EPIC monitors and conducts analysis on key energy-related legislation in California. EPIC's Legislative Center provides a listing and summary of energy-related legislation.
2013 California Energy-Related Legislation
- Green Building
- Greenhouse Gas/Climate Change
- Hydraulic Fracturing
- Natural Gas
- Proposition 39
- Rates and Tariffs
- Renewable Energy
Alternative Fuels and Vehicles
AB 217 (Bradford) Electricity: solar electricity: low-income households.
This bill would, upon the expenditure or reservation of those funds reserved for low-income residential housing, authorize the surcharge collected by the electrical corporations for the California Solar Initiative to continue to provide funding for the administration of the SASH and MASH programs. The bill would require the commission to ensure the total amount resulting from the continued collection of the charge does not exceed $108,000,000. The bill would extend the operation of the SASH and MASH programs to December 31, 2021, or until the exhaustion of that amount, whichever occurs sooner. The bill would require the SASH and MASH programs to meet specified requirements. The bill would make legislative findings and declarations that it is the goal of the state to install solar energy systems that have a generating capacity equivalent to 50 megawatts for low-income residential housing and that the commission designs a program that maximizes the overall benefit to ratepayers. Because a violation of any order, decision, rule, direction, demand, or requirement of the commission is a crime, this bill would impose a state-mandated local program by extending the application of a crime. This bill would incorporate additional changes in Section 2851 of the Public Utilities Code proposed in AB 102, SB 72, SB 84, and SB 96, to become operative if either AB 102, SB 72, SB 84, or SB 96, or any combination of those bills, and this bill become effective on or before January 1, 2014, and this bill is enacted last. This bill would provide that no reimbursement is required by this act for a specified reason.
AB 792 (Mullin) Utility user tax: exemption: distributed generation systems.
This bill would, until January 1, 2020, exempt from any utility user tax imposed by a local jurisdiction, as defined, the consumption of electricity generated by a clean energy resource, as defined, for the use of a single customer or the customer’s tenants.
SB 459 (Pavley) Financial Incentives for Middle-Income Households to Adopt Fuel Efficiency Vehicles
This bill would require instead a motor vehicle to have been registered without substantial lapse, as determined by the department, in the state for at least 2 years prior to vehicle retirement and to have failed any type of smog check inspection lawfully performed in the state to qualify to receive a specified vehicle retirement payment. The bill would authorize, rather than require, the department to permit vehicle retirement for any motor vehicle that has been registered without substantial lapse in the state for at least 2 years prior to vehicle retirement and that fails any type of smog check inspection lawfully performed in the state. This bill would require the state board, in consultation with the bureau and no later than June 30, 2015, to update the guidelines for the enhanced fleet modernization program to include specified elements and to study and consider specified elements. The bill would make various findings and declarations. The bill, in addition, would establish compensation for replacement vehicles for low-income vehicle owners at not less than $2,500, would make replacement an option for all motor vehicle owners, and would make this compensation available to an owner in addition to the compensation for a retired vehicle. The bill would prohibit this compensation for all other motor vehicle owners from exceeding the compensation for low-income motor vehicle owners. The bill would authorize instead an increase in the compensation under these programs for either retired or replacement vehicles for only low-income motor vehicle owners as necessary to balance maximizing air quality benefits of the program while ensuring participation by low-income motor vehicle owners, as specified.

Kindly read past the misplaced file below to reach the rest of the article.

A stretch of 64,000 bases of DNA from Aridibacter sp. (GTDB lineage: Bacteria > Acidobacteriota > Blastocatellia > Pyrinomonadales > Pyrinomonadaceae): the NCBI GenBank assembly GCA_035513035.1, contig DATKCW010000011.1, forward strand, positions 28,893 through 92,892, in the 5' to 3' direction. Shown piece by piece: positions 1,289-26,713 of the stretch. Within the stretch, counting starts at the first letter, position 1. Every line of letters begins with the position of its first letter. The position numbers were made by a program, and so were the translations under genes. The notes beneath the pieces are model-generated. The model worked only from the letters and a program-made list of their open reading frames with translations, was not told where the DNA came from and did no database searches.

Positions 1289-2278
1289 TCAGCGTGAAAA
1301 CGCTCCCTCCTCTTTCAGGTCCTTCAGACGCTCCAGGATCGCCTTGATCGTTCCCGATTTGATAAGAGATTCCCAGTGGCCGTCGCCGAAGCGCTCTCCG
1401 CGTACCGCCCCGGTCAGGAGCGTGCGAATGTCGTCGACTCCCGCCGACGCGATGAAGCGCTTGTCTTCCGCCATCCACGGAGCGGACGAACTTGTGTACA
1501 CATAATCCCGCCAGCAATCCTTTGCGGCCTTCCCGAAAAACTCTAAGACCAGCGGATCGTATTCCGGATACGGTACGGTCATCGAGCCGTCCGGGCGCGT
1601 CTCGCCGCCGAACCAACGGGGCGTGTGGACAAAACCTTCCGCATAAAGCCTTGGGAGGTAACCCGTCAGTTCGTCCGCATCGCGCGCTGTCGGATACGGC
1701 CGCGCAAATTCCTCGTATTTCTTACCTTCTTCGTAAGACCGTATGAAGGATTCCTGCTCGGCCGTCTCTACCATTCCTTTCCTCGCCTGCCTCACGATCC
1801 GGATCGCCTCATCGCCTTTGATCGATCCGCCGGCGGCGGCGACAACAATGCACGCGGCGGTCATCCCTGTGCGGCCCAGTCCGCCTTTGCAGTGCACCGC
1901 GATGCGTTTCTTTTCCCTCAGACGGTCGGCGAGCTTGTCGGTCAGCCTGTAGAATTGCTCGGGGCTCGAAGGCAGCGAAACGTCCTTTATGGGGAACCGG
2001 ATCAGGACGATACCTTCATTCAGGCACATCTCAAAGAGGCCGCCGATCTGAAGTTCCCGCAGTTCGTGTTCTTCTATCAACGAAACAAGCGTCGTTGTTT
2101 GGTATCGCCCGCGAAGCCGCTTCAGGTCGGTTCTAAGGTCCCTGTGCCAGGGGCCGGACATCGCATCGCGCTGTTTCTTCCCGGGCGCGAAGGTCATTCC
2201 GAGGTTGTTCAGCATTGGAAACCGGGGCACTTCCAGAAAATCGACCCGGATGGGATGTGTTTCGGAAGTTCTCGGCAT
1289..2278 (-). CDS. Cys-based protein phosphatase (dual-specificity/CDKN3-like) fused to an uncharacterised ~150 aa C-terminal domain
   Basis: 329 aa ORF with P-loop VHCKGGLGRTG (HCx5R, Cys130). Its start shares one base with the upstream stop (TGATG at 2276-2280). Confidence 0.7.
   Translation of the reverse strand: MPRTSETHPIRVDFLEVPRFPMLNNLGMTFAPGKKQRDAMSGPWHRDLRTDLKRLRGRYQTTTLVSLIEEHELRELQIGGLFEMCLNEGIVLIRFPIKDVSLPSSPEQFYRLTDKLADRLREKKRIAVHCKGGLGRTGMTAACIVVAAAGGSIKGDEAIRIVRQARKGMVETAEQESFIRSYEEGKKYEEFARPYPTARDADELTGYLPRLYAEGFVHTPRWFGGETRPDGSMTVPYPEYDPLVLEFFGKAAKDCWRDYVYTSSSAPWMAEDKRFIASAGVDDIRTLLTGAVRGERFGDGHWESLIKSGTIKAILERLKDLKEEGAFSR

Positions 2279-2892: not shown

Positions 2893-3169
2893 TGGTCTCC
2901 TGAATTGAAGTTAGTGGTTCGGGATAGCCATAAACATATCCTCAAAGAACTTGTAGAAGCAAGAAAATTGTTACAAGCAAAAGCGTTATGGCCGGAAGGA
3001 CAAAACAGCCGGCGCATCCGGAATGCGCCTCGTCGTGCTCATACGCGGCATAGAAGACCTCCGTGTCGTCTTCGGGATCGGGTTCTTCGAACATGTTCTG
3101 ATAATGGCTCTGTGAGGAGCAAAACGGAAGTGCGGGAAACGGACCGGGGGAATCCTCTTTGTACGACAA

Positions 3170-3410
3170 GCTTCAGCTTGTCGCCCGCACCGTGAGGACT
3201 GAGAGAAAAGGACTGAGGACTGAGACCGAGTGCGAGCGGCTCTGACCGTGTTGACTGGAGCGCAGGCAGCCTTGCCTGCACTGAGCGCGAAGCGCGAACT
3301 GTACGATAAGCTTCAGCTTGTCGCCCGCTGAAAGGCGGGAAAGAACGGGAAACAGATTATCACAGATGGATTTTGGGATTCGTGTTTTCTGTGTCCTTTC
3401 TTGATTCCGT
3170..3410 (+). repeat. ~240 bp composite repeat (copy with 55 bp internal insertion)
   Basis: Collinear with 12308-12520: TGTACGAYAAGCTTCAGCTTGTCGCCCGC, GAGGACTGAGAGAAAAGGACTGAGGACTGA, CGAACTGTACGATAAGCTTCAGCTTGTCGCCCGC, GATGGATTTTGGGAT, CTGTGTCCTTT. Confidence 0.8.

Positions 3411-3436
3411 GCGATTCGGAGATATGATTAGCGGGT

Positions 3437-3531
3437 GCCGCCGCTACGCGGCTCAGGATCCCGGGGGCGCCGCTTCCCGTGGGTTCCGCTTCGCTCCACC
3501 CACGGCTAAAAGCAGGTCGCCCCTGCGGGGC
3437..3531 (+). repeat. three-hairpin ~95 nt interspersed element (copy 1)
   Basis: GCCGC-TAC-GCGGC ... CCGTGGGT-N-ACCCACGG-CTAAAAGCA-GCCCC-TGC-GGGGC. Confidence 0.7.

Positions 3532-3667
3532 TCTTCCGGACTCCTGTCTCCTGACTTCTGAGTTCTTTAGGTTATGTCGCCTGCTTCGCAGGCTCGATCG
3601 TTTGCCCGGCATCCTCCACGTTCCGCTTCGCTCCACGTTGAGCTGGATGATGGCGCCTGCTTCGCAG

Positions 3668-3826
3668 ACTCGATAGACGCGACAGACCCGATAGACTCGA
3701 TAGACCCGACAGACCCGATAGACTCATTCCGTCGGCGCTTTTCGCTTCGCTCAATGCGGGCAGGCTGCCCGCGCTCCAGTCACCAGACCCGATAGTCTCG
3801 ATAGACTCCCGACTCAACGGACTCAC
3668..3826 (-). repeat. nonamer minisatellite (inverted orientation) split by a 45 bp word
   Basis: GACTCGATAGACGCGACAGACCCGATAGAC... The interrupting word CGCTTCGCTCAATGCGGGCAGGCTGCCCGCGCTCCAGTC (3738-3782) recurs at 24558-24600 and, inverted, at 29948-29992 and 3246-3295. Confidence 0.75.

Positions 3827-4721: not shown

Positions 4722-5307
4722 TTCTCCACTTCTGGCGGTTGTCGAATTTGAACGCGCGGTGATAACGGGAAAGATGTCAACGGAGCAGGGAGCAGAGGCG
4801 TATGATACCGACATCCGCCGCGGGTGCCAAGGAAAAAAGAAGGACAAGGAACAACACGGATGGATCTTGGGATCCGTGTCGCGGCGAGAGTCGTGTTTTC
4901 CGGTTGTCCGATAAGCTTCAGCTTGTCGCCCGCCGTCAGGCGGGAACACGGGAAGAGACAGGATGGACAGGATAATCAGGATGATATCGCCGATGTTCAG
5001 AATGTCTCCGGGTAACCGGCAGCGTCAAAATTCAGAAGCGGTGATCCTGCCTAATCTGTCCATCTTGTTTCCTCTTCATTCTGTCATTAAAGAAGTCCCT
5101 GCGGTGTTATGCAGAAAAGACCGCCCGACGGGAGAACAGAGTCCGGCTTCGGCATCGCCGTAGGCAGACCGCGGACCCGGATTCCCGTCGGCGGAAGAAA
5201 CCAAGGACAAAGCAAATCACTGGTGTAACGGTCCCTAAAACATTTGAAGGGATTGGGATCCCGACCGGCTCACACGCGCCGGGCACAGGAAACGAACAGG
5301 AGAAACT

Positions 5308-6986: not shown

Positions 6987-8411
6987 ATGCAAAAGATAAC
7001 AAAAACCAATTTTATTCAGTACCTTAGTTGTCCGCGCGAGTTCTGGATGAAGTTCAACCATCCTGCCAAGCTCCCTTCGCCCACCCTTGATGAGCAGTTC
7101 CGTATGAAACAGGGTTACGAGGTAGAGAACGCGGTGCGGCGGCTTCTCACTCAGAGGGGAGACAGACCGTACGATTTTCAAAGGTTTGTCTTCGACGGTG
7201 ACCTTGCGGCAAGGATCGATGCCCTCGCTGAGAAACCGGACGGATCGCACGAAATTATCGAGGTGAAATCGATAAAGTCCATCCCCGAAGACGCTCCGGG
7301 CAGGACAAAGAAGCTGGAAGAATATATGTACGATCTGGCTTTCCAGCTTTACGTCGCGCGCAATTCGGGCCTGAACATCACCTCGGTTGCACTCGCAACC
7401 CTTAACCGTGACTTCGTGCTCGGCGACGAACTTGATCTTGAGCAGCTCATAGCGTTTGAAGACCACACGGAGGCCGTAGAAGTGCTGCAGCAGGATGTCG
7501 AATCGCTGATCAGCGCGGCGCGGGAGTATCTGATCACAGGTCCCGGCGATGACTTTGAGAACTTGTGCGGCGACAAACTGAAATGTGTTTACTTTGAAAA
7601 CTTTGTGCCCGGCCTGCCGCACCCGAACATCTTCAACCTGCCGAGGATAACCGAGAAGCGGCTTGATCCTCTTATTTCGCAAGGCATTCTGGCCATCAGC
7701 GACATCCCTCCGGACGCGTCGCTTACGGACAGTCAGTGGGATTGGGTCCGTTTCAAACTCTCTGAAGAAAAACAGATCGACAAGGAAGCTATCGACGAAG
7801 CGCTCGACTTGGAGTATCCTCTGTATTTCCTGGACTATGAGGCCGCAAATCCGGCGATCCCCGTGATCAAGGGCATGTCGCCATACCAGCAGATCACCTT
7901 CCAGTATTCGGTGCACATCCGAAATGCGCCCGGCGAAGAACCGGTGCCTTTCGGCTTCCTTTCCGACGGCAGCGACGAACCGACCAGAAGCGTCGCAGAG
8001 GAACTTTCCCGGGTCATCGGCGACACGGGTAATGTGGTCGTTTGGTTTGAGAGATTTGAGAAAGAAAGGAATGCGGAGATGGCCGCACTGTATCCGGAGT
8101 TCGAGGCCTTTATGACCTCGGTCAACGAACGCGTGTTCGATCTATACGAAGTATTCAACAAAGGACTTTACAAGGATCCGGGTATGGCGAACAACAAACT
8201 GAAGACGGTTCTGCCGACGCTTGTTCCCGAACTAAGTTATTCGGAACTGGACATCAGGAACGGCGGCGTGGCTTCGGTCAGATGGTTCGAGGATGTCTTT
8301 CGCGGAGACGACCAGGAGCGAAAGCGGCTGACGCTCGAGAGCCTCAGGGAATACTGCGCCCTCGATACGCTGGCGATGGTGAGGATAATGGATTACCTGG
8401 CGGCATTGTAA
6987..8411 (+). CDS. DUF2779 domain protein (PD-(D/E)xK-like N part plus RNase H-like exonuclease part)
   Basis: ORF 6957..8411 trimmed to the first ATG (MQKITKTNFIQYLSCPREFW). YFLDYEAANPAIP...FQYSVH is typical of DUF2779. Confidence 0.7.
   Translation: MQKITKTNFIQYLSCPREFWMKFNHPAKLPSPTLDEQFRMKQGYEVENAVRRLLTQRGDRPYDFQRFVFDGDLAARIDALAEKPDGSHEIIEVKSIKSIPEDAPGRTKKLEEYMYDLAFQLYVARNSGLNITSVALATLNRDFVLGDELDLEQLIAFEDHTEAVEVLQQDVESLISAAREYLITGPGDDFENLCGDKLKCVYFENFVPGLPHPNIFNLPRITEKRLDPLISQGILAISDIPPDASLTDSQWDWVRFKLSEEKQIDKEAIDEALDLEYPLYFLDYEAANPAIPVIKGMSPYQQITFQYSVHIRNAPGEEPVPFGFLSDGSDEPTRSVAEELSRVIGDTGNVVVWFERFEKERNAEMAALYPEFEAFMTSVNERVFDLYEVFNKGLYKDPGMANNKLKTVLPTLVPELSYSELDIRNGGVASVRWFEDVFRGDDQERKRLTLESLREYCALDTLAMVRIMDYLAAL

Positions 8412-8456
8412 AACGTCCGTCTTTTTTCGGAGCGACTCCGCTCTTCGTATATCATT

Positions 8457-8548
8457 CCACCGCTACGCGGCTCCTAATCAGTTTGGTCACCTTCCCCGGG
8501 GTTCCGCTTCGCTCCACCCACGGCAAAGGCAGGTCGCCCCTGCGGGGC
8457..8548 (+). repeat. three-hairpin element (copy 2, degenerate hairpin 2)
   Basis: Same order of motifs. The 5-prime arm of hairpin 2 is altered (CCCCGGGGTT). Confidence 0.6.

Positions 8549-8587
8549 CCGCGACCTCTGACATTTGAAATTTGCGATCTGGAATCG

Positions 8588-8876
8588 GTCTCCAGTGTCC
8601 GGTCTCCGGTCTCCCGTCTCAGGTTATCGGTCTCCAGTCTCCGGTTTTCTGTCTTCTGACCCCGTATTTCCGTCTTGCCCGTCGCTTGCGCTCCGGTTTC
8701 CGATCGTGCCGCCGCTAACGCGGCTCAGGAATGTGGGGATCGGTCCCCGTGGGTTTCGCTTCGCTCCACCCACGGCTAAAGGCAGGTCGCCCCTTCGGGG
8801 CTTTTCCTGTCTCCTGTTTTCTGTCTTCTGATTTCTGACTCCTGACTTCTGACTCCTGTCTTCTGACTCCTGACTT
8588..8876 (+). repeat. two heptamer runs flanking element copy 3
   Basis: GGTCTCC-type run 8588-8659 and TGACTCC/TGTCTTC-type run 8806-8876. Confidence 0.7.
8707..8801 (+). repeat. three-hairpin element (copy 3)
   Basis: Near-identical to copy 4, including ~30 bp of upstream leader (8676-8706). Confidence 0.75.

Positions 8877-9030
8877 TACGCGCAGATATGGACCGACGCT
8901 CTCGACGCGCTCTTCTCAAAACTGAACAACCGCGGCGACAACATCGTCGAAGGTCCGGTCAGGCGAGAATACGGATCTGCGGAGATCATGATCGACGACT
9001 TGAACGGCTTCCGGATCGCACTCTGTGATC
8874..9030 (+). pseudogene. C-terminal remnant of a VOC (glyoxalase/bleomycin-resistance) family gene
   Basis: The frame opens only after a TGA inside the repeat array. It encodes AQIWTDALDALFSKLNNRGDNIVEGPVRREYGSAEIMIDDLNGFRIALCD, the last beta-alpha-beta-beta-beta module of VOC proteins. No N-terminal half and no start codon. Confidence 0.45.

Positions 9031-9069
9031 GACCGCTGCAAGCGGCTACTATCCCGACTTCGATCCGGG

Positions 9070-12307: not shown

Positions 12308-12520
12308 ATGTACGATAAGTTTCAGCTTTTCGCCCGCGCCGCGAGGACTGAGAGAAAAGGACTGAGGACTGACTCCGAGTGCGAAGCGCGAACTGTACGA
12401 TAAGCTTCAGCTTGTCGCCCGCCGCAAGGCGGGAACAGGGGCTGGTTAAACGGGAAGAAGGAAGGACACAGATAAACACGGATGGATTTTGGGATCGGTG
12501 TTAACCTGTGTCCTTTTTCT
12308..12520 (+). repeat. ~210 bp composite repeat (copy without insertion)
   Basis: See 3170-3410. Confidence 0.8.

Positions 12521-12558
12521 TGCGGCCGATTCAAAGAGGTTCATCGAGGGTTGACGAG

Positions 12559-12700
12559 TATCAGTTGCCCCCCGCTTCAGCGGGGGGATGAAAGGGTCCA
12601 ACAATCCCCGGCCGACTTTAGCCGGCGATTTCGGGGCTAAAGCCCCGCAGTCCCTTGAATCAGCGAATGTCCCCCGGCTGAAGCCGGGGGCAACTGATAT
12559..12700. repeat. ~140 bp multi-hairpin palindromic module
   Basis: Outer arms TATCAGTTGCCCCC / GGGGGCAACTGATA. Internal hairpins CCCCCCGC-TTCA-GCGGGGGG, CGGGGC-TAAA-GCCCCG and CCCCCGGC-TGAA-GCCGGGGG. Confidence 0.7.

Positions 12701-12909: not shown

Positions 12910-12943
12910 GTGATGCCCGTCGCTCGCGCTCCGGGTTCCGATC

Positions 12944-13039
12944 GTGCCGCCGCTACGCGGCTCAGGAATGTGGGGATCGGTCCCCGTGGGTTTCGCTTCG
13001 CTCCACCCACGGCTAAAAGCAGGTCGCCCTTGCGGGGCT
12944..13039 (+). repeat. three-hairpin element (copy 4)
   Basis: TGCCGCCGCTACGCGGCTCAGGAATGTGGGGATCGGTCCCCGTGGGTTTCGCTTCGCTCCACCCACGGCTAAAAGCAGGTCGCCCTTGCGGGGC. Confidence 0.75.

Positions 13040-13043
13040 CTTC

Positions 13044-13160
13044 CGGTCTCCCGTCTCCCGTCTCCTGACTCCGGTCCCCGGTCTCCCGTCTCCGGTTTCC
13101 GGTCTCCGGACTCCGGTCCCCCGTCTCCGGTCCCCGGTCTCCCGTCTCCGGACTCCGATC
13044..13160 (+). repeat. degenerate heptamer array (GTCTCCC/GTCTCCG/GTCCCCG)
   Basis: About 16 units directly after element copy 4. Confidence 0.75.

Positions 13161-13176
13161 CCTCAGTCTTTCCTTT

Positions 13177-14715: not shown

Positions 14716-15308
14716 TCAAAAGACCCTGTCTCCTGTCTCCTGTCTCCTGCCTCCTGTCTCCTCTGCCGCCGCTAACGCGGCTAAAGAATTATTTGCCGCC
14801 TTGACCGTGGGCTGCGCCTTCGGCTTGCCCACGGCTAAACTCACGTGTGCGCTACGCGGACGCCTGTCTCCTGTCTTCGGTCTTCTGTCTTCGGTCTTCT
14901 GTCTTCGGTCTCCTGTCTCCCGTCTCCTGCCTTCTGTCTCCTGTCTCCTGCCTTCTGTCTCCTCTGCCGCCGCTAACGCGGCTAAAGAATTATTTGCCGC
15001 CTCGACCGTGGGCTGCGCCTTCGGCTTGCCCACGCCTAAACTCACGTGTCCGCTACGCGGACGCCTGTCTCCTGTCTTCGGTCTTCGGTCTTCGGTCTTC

AB 1092 (Levine) Electric Charge Station Requirement for New Construction Projects
This bill would (1) require the commission, commencing with the next triennial edition of the California Building Standards Code adopted after January 1, 2014, to adopt, approve, codify, and publish mandatory building standards for the installation of future electric vehicle charging infrastructure for parking spaces in multifamily dwellings and nonresidential development, (2) require the Department of Housing and Community Development to propose mandatory building standards for the installation of future electric vehicle charging infrastructure for parking spaces in multifamily dwellings and submit the proposed mandatory building standards to the commission for consideration, (3) require the department and the commission, in proposing and adopting the mandatory building standards, to use specified sections of the California Green Building Standards Code as the starting point for the mandatory building standards and to actively consult with interested parties.